A Gallup Poll released at the end of 2017 reported that 64% of Americans now favor marijuana legalization. That’s up four points from the prior year. For the first time ever, a majority of self-identified Republicans (51%) supported full-blown legalization, a nine-point increase from 2016. Current support for medical marijuana is even more robust. A 2018 Quinnipiac poll found that a whopping 91% of Americans now favor legalizing the medical use of cannabis.
Clearly, the chickens are coming home to roost but when they get to the barnyard the farmer wants to make them to put their peckers into cups. One would think that with all this legalization and medicalization going on, the gross weapons of a failed drug war would fall from our view, but politics will make that impossible.
Consider this: after a hundred years of hyperbole, propaganda and lies, reasonable people can eye marijuana law reform with suspicion and might worry that legal weed could make their children less safe. While it is a false equivalency to say that legalizing marijuana intrinsically endangers young people – in fact, the opposite is true – reasonable parents who have never smoked a joint in their lives will need to be reassured that marijuana legalization or medicalization will not have a negative impact on their kids. Reasonable parents will never surrender unreasonable concerns for their children, and I don’t blame them
Driving Under The Influence of Drugs (DUID) is another sticky wicket of cannabis law reform where reasonable people can strongly disagree. The Drug Law Industrial Complex will always maintain that widespread cannabis legalization really means a host of inexperienced newbie stoners barreling down the nation’s highways, caroming off the guard rails. That’s ridiculous. With few exceptions, almost everyone who wants to smoke weed is already smoking weed, and they’ve been barreling down the roads for over forty years. The truth is much more prosaic. A pair of DUID studies released in 2017 came to slightly opposite conclusions. One found that legalization led to a small spike in insurance claims for all car crashes in Colorado, Washington and Oregon while another concluded that marijuana legalization in Colorado and Washington had no effect on fatal crashes at all. More: a third study that analyzed over a million traffic fatalities nationwide from 1985 through 2014 seemed to show that states with medical marijuana laws are not associated with increased auto fatalities and may, in fact, have fewer fatal accidents.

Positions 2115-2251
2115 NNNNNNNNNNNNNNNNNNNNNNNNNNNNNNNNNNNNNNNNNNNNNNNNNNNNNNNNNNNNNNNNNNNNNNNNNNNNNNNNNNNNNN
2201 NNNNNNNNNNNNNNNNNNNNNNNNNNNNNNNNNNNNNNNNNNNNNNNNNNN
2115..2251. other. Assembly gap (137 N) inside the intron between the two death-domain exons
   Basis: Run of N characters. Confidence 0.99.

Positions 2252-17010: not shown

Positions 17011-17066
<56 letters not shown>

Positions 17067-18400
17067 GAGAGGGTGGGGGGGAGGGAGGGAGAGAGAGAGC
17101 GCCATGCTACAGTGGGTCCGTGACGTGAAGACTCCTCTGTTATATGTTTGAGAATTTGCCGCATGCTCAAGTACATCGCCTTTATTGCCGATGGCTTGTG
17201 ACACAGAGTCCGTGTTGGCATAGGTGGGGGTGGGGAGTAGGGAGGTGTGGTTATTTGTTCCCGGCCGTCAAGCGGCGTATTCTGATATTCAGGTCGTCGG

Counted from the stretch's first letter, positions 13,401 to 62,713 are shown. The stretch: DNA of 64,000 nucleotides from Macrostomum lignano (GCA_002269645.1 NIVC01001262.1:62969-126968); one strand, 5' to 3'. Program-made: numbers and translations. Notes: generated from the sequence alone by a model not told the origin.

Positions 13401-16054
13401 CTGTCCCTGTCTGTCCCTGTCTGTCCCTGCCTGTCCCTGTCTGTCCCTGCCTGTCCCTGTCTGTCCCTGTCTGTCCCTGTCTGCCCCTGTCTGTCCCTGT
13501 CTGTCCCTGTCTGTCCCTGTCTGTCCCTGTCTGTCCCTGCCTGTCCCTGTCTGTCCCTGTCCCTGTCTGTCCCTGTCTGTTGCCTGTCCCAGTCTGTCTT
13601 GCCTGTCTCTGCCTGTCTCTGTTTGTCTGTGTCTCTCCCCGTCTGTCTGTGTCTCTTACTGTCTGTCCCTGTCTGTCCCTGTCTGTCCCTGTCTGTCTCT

Of course, these different studies study slightly different things so it should come as no surprise when they yield slightly different results. But, truthfully, warriors like Jeff Sessions and reformers like myself will take the same results and spin them in different directions, and all of that adds up to a very confused parent who doesn’t smoke weed but who does know bullshit and, most importantly, doesn’t want their kid to get in trouble. We need those parents on our side if we are ever going to achieve a national referendum for cannabis law reform.
The drug test industrial complex is, by now, a de facto American institution made up of drug warriors, drug test companies, law enforcement agencies and school administrators who all seem to agree that the best weapon against weed is a specimen cup. Those of us who know better insist that drug testing has no solid base of evidence and offers no proof at all that it works. After all these years we’re still not sure if drug testing increases productivity or just intimidation. We do know that workplace drug testing – which is 90% urinalysis – does not reliably indicate impairment; but they still do it anyway as if it makes a difference. They do it in support of an existing $5 billion per year drug test industry that is predicted to swell up to $9 billion by 2023. As legalization and medicalization laws kick in, the drug test industrial complex has already shown it is more than willing to play Chicken Little and shout, “The sky is falling!”
Reasonable concern about teenage drug use and DUID are not going to go away (nor should they), but the anti-weed warriors will make sure those concerns will increase unreasonably with legalization and medicalization. Reasonable parents who have never smoked weed will hear the sky is falling and will want some kind of assurance that the kids are being protected if we expect them to support reform. And reasonable adults who have never smoked weed will need to be reassured that a bunch of newbie stoned drivers aren’t flying down the highway caroming off the guardrails, as ridiculous as that sounds.
To answer these concerns the marijuana law reform community will be asked more and more to trade expanded drug testing for their legalized cannabis. Improved roadside drug testing and suspicion-based testing in the schools and workplace will sound like reasonable answers to reasonable questions, and we should be willing to concede those points if we are ever going to get the nation jazzed up to legalize weed. At the same time, we need draw a line and continue to resist – vigorously – any version of random, suspicionless drug test programs in our schools, at the workplace and on the road. That’s what the drug test industrial complex wants to promote – vigorously – because that’s the only way they’re going to hit that $9 billion mark by 2023.
Drug testing can be useful in helping people with drug problems, but marijuana consumers don’t have a problem with drugs. They have a problem with the law.